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Mandala Thangkas:

These depict geometric diagrams that signify the cosmic purchase and the enlightened thoughts. Mandalas are often composed of concentric circles, squares, triangles, lotus petals, as well as other designs that include pictures of deities, symbols, syllables, and colours. Mandala thangkas are used for initiation, empowerment, purification, and transformation.

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Narrative Tibetan Thangka:

These depict tales and events from the lifestyle from the Buddha or other historic figures in Tibetan Buddhism. Narrative thangkas are utilized for teaching, inspiration, and remembrance.

Symbolic Thangkas:

These depict various objects or concepts that have special meanings in Tibetan Buddhism. Symbolic thangkas are utilized for clarification, illustration, and contemplation.

Some illustrations of symbolic Tibetan Thangkas are:

The Wheel of Life (Bhavachakra):

This depicts the cycle of beginning and death (samsara) that is driven by ignorance (avidya), attachment (raga), and aversion (dvesha). The wheel is held by Yama, the lord of death, who symbolizes impermanence. The wheel is divided into twelve sections that signify the twelve links of dependent origination (pratityasamutpada), which clarify how samsara is created by leads to and circumstances. The wheel also has six realms that represent the different states of existence: gods (devas), demigods (asuras), people (manusyas), animals (tiryakas), hungry ghosts (pretas), and hell beings (naraka). The wheel also features a central hub that signifies the three poisons: ignorance (pig), attachment (rooster), and aversion (snake). The wheel also has an outer rim that signifies the twelve zodiac signs (rashis) that correspond towards the twelve months from the year. The wheel also has a Buddha figure pointing to some moon that represents liberation (nirvana) from samsara.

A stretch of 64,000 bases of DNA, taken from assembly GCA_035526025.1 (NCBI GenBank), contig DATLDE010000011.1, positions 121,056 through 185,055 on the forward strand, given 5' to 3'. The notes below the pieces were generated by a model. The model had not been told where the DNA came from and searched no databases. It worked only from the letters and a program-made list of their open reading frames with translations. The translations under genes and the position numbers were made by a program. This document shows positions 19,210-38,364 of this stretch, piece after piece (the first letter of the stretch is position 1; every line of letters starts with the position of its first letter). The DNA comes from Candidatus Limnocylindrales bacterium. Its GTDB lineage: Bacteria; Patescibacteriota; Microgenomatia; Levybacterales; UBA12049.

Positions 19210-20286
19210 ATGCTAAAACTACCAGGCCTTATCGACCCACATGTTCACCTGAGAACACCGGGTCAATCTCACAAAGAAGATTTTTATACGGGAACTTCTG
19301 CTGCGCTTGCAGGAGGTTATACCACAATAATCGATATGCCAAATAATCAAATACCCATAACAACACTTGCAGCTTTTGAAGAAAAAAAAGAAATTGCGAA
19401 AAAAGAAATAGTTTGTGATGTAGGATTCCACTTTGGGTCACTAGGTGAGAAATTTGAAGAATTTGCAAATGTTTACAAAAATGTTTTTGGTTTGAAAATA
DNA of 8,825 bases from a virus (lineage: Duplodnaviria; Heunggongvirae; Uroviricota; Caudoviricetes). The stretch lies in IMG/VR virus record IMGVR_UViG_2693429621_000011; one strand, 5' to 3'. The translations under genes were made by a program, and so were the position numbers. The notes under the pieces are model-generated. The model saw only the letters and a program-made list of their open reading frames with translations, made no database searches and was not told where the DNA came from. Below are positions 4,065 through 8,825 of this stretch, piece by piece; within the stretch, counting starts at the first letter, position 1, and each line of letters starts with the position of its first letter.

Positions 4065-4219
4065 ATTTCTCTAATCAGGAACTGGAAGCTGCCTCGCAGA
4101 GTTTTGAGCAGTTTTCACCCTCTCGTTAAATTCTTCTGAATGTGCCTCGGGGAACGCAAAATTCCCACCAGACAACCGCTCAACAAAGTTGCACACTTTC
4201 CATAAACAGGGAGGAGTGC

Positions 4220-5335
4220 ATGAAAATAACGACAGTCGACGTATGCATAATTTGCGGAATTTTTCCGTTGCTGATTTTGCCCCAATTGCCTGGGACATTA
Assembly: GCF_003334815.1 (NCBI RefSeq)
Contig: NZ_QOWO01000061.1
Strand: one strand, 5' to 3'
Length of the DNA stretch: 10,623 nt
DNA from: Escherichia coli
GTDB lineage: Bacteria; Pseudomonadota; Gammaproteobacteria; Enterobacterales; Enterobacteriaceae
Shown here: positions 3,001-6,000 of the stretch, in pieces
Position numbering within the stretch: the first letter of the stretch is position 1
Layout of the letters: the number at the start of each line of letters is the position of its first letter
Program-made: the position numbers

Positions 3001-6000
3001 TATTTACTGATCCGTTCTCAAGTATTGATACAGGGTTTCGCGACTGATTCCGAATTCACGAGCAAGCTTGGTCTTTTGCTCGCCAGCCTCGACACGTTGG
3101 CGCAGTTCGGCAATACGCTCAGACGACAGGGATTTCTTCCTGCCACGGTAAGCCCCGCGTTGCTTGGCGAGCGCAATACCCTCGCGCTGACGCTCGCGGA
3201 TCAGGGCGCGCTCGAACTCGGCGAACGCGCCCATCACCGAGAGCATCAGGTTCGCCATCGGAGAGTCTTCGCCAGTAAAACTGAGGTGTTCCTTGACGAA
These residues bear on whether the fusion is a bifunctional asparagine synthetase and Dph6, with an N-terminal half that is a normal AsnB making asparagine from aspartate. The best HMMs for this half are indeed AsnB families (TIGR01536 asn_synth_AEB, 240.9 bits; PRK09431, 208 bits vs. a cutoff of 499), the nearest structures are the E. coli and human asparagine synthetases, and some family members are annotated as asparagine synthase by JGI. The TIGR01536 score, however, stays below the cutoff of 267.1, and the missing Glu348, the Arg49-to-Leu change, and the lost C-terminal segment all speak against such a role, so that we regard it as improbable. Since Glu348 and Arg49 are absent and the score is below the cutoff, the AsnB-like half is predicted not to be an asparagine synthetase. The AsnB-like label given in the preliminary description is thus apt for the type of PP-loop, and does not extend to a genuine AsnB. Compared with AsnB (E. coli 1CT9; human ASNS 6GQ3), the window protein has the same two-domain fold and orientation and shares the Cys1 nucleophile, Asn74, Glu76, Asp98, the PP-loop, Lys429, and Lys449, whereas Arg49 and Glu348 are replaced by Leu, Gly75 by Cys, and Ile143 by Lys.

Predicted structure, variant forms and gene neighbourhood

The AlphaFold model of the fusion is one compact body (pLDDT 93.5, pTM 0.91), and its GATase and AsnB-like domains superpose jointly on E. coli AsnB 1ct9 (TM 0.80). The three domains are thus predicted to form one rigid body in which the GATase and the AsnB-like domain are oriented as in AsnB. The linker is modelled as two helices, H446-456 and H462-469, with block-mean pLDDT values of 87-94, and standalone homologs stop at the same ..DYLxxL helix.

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The 8 Auspicious Symbols (Ashtamangala):

They are 8 objects that symbolize great fortune and blessings in Tibetan Buddhism. They’re: the parasol (chatra), which protects from damage and struggling; the pair of golden fish (suvarnamatsya), which signify joy and freedom; the treasure vase (kalasha), which consists of prosperity and prosperity; the lotus flower (padma), which signifies purity and enlightenment; the conch shell (shankha), which proclaims the teachings of the Buddha; the limitless knot (shrivatsa), which represents interdependence and harmony; the victory banner (dhvaja), which signifies overcome obstacles and negativity; and also the wheel of dharma (dharmachakra), which signifies the teachings and practices of Buddhism.

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The Four Harmonious Buddies (Thunmong Maithuna):

This depicts a partridge, a rabbit, a monkey, and an elephant who reside together in harmony and cooperation. The story goes that they discovered a fruit tree in the forest and decided to share it based on their contribution. The elephant stated he discovered the tree initial, the monkey said he watered it, the rabbit stated he fertilized it, and the partridge stated he planted it. They recognized that the partridge was probably the most deserving, so that they positioned him on top of the tree, followed from the rabbit, the monkey, and the elephant. They ate the fruits happily and have become buddies. This symbolizes mutual respect, friendship, and interdependence among different beings.


Tibetan Thangka painting is a sacred artwork of Tibet that has been preserved and transmitted for hundreds of years by dedicated artists and practitioners. Thangka painting is not only a type of expression, but additionally a type of devotion, meditation, and blessing. Thangka painting is really a window towards the knowledge and compassion of Tibetan Buddhism.